For more info visit Apr/May 2014


Why so Fired Up?

Prescribed Fire in the King Range

Ali Freedlund, fire if struck by dry lightning during MRC Program Director of the summer months. In addition, Working Lands and Human coyote brush has bubbled up thickly As our forests, fields, and across openings. These areas are streams receive less water and are rapidly losing habitat value for deer, exposed to hotter, drier conditions, rabbits, birds of prey, and livestock. there is more discussion about a The BLM evaluated several very hot topic: should we, as land alternative treatments and decided managers or stewards, put fire back that the most appropriate way on the landscape in the form of to manage this 800-acre former prescribed burns to help lessen the prairie/scrub habitat is to remove impacts from wildfire? the thick brush and Douglas-fir The 19 firefighter deaths trees, either manually or with the and huge blackened footprint of use of equipment in phases. Then, Arizona’s Yarnell Fire in June 2013 when material has dried sufficiently, impress upon us the catastrophic they planned to implement a potential of wildfire. There are prescribed burn contingent on risks and downsides associated federal funding. Unfortunately, the with prescribed fires as well, in ROD is currently in appeal. particular, the risk of escape. The Mattole Restoration However, in looking at a study Council has been actively helping to of lessons learned from escaped reduce fuels on private lands in the North King Range Prairie Being Encroached by Coyote Brush and Douglas Fir. Photo: MRC. fires between 1996 and 2004, the watershed through grant-funded look at the many ways of reducing local fuel loads, research concluded that 99 percent of prescribed projects. To better understand the proposed including prescribed burning to lessen the impact fires in that period of time turned out successful project above we visited the area and were able to of a wildfire when it comes. This is nothing new; (Dether, 2005. See full citation at end). compare acres that had previously been masticated indigenous peoples and the ranching community An unequivocal downside of prescribed (basically a giant shredder device used by the regularly burned ridges, woodlands and prairies to burning is the resulting carbon emissions. BLM to reduce fuels) with acres that burned (due manage for particular resources. Ranchers wanted Burning wood products releases stored carbon to an unknown ignition source) and acres that had to maintain grazing areas, while tribal societies into the atmosphere. However, a properly experienced both. We found the masticated areas wanted to promote the health of certain species conducted prescribed fire will generate far less that did not burn were coming back in a monoand keep ridgelines open for trails. But beginning Volatile Organic Compounds (VOCs) or harmful story of perennial, non-native grasses whereas the in 1944, a clever fire suppression campaign known particulate pollution than a wildfire. This is burned areas supported a diverse assemblage of as “Smokey the Bear” taught generations of the due to the air quality controls mandating burn native and non-native species. public to fear forest fires, and equipment-heavy windows only when appropriate fuel moistures Those in support of this type of management firefighting tactics were the norm. exist. Dry material releases far fewer VOCs than hope that by strategically implementing prescribed The Arcata Resource Area of the Bureau of green material. In addition, prescribed burns are fire in our northern California fields and forests we Land Management, recently announced a Record restricted to times when wind conditions aid in can help safeguard the ecological values that we of Decision (ROD) for a restoration management the dispersal of smoke in order to reduce human want to protect and reduce exposure to particulate project in an 800-acre portion of the Northern exposure to poor air quality. These controls also smoke while increasing habitat diversity and King Range Prairie near the town of Petrolia. This ensure an efficient burn start and stop time. A climate change resiliency. part of the King Range National Conservation wildfire, in contrast, does not discriminate in fuel Study citation: Dether, Dierdre M, 2005, Prescribed Fire Area had historically been prairie and scrub— the type or moisture level, and can often result in Lessons Learned: Escaped Prescribed Fire Reviews and near miss incidents—Initial Impression Report, Working first Euro-Americans described the area in 1860 the prolonged exposure to toxic particulates and paper on file at Wildlands Fire Lessons Learned Center, as “destitute of timber. ” Common theory backed smoke as well as multiplying the actual footprint by air photo analysis is that local tribes and/or of impact. periodic wildfire maintained the area in grass and As the climate heats up and our lands become To learn more about our projects, scrub, until recently. drier and more laden with fuels, particularly in After decades of fire suppression, Douglas-fir or to make a donation to support us, times of drought, the threats from wildfire to both have encroached into the grass and scrub. These our human and wildlife communities exponentially please visit thick, volatile stands could easily create a wall of increase. Resource managers are taking a serious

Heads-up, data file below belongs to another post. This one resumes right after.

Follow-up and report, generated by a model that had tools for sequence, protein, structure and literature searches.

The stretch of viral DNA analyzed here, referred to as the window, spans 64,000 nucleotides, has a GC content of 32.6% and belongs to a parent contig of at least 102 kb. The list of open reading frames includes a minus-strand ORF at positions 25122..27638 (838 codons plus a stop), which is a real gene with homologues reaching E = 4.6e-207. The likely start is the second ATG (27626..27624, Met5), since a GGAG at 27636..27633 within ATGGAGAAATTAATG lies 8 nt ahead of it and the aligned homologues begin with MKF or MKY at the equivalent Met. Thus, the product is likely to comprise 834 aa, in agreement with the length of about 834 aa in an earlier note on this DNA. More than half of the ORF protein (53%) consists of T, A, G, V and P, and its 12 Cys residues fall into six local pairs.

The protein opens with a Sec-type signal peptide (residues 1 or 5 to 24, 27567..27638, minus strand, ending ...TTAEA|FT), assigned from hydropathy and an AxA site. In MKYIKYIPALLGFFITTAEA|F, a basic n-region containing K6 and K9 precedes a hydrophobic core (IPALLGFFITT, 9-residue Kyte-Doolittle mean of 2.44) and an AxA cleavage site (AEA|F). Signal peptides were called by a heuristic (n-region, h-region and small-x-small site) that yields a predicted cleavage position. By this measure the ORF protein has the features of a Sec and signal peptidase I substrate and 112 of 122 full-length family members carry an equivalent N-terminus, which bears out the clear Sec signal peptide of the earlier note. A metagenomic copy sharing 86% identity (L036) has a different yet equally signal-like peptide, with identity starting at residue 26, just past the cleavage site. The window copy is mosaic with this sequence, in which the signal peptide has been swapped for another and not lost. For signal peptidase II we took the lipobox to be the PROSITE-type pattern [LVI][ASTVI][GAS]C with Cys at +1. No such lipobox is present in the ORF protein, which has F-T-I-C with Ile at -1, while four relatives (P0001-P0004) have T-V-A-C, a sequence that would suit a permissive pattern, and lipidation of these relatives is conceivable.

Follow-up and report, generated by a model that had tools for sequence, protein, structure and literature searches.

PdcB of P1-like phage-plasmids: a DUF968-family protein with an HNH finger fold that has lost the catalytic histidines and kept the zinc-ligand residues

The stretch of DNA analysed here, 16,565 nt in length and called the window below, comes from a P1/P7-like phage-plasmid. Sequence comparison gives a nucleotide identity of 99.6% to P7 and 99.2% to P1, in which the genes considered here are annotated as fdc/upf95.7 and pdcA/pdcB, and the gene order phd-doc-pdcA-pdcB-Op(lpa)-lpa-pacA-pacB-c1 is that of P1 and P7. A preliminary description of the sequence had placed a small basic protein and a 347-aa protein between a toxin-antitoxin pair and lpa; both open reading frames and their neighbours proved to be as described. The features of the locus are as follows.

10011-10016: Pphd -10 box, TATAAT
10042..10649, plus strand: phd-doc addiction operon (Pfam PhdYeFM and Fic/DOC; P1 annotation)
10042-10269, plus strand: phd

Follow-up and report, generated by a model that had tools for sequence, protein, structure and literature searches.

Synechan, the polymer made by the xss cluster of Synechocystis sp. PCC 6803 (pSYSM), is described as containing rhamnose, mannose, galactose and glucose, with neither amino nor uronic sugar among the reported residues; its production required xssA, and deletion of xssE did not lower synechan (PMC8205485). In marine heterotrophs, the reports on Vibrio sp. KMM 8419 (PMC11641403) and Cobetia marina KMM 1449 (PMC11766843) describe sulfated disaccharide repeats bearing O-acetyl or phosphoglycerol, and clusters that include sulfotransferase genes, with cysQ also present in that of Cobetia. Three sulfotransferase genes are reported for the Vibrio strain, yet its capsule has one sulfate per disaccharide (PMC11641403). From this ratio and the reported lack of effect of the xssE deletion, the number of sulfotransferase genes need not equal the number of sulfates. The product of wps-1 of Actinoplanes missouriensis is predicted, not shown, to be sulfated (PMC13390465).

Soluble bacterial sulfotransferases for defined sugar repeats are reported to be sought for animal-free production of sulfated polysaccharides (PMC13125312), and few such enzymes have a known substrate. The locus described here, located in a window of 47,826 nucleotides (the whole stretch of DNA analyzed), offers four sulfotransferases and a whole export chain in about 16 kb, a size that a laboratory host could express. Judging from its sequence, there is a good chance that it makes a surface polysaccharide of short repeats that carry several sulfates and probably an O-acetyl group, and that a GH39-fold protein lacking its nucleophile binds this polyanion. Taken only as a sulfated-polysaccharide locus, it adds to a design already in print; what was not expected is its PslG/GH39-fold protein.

Apr/May 2014